GNSS Hotspots

One of 12 magnetograms recorded at Greenwich Observatory during the Great Geomagnetic Storm of 1859
1996 soccer game in the Midwest, (Rick Dikeman image)
Nouméa ground station after the flood
A pencil and a coffee cup show the size of NASA’s teeny tiny PhoneSat
Bonus Hotspot: Naro Tartaruga AUV
Pacific lamprey spawning (photo by Jeremy Monroe, Fresh Waters Illustrated)
“Return of the Bucentaurn to the Molo on Ascension Day”, by (Giovanni Antonio Canal) Canaletto
The U.S. Naval Observatory Alternate Master Clock at 2nd Space Operations Squadron, Schriever AFB in Colorado. This photo was taken in January, 2006 during the addition of a leap second. The USNO master clocks control GPS timing. They are accurate to within one second every 20 million years (Satellites are so picky! Humans, on the other hand, just want to know if we’re too late for lunch) USAF photo by A1C Jason Ridder.
Detail of Compass/ BeiDou2 system diagram
Hotspot 6: Beluga A300 600ST

1. GOOD-BYE DELTA II
. . . It’s been good to know you!
Cape Canaveral, Florida USA
√ The last of eight modernized GPS IIR-2R (M) satellites is in its place in the constellation, carried to its spot on August 17 by the last of the U.S. Air Forces United Launch Alliance Delta II rockets. For 21 years, they’ve been the GPS ride.


1. GOOD-BYE DELTA II
. . . It’s been good to know you!
Cape Canaveral, Florida USA
√ The last of eight modernized GPS IIR-2R (M) satellites is in its place in the constellation, carried to its spot on August 17 by the last of the U.S. Air Forces United Launch Alliance Delta II rockets. For 21 years, they’ve been the GPS ride.

2. ON TENTERHOOKS
Portland, Maine USA and Washington, D.C.
√ The 38th International Loran Conference will take place in Portland, Maine, USA October 13-15. Loran-C is funded through January 4, 2010. The transition to eLoran as a backup to GPS, which is about 70% completed, is still up in the air. Multiple bills in the U.S. House and Senate are in the works.  (See October 21 Inside GNSS news update on Loran.)

3. INTERSECTIONS EVERYWHERE
SE of Los Barrios, Jaén, Andalusía, Spain
√ With 10,622 locations to go, Confluence Degree Project explorers seek a photographic record of each latitude and longitude integer-degree intersection (not counting oceans or poles). Take your bearings with your feet on the ground within 100 meters of a WGS84 graticule confluence, click the shutter, and post to www.confluence.org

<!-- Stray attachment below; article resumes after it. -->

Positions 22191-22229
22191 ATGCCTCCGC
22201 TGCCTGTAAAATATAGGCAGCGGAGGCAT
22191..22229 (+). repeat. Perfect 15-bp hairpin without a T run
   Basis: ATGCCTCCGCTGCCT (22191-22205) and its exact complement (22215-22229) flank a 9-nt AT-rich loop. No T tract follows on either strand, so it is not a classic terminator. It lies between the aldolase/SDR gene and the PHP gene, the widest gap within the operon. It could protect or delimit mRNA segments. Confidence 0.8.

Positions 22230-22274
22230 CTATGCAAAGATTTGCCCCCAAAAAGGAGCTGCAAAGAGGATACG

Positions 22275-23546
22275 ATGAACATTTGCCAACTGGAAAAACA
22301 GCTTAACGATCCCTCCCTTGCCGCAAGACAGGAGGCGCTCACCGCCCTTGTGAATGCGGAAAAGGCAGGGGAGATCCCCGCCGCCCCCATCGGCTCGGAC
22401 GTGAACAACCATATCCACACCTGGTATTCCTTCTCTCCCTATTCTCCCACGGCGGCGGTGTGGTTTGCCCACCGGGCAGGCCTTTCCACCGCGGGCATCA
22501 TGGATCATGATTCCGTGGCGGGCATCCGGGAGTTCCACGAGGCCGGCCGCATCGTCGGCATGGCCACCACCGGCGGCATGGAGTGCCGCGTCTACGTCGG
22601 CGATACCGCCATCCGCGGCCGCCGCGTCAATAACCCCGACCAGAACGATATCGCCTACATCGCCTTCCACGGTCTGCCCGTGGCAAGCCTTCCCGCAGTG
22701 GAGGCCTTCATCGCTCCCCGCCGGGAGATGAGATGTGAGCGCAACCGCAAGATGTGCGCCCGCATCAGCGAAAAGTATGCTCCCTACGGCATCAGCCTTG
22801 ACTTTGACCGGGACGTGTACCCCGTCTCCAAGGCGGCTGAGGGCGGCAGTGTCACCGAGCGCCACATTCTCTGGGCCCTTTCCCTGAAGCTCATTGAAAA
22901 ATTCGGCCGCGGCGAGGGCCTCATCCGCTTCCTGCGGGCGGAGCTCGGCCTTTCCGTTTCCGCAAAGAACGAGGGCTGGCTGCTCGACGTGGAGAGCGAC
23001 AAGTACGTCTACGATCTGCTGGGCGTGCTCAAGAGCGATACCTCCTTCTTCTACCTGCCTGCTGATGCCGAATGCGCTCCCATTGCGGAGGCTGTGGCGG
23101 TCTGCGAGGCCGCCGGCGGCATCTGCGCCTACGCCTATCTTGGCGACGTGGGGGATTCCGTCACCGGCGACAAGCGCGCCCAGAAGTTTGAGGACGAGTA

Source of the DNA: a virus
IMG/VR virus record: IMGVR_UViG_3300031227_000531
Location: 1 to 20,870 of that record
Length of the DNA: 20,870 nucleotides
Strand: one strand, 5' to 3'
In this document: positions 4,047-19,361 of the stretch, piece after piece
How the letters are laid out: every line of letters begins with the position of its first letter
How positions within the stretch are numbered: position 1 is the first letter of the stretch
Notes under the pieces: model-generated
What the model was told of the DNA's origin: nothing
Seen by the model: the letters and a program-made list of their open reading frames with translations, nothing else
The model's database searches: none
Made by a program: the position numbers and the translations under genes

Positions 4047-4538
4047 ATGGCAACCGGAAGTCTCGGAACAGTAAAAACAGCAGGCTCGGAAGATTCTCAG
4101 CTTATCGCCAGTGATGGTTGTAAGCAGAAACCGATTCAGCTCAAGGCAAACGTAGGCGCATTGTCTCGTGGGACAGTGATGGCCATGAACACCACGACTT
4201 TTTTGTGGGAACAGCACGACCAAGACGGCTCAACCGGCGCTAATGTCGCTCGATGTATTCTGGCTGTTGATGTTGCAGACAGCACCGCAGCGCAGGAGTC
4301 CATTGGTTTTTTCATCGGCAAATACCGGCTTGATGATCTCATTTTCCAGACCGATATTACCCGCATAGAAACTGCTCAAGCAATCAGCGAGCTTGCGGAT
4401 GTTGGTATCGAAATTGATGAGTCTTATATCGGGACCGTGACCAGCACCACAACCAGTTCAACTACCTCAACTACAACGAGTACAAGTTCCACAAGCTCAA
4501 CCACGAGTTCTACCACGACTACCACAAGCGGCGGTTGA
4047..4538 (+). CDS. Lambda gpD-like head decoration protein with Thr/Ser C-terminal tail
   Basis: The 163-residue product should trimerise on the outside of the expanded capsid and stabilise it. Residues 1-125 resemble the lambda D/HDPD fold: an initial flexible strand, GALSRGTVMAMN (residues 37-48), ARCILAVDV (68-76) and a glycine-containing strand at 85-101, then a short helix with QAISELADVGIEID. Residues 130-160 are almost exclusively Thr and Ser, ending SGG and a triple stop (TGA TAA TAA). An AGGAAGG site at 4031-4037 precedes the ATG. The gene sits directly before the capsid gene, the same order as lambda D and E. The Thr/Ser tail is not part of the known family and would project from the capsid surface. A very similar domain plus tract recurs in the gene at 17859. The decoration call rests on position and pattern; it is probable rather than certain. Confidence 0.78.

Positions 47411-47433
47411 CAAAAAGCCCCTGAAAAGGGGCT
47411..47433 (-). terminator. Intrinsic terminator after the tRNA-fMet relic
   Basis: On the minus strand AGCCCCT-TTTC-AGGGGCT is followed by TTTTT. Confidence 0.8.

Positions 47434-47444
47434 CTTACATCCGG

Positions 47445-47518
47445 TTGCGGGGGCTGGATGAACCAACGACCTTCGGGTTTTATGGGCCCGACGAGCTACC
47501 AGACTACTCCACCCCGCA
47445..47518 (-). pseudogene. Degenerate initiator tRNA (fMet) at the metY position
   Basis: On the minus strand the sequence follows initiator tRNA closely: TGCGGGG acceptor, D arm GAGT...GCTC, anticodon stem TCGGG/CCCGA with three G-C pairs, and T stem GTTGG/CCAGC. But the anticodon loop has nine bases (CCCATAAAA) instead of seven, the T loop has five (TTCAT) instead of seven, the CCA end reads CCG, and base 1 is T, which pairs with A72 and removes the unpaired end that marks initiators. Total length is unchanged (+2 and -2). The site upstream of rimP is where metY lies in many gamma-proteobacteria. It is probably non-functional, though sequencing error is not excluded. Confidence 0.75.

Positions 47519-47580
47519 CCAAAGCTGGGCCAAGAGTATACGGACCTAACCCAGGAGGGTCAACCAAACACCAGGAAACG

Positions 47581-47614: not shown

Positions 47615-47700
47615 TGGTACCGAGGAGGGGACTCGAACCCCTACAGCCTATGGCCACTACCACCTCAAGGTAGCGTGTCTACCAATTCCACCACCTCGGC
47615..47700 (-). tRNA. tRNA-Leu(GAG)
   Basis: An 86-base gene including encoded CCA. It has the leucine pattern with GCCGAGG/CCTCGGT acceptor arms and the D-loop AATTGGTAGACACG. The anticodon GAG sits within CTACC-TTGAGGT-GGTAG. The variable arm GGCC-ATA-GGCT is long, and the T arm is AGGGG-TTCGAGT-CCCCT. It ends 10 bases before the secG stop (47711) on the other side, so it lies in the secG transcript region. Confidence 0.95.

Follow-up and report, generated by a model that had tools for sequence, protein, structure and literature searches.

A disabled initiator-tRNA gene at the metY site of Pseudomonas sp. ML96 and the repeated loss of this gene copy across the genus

4. FREE! ACCURATE! RELIABLE!
EGNOS Control Center, Ciampino, Italy
Europeans with GPS/SBAS-equipped receivers are set to enjoy a new free, strong open signal service starting in October, courtesy of EGNOS, the European Geostationary Overlay Service. This precursor to Galileo is accurate to 1-3 meters 99% of the time and it’s going to get even better, says the European Commission.(See related October 1 Inside GNSS news story)

5. SET TO GO
Baikonur Cosmodrome, Kazakh Desert 
√ Three GLONASS-M satellites will launch from Baikonur Cosmodrome on September 25, with three more scheduled to go up around Christmastime. The Russian GNSS program is humming right along, with plans to build a space-based augmentation system and ground-monitoring stations in Australia, Cuba and South America, the first outside Russian territory. (Read the September 30 Inside GNSS story about launch delay)

6. COMPASS AND GALILEO
Beijing, China and Brussels, Belgium
√ China announced new GNSS signal and frequency plans at an ICG working group meeting in July. They’ll move more signals into the BOC family, which still overlays most of GPS/Galileo MBOC signals. . . . Overlapping authorized signals and frequencies are unavoidable, China representative Yuanxi Yang said. (See related October 5 Inside GNSS news story)

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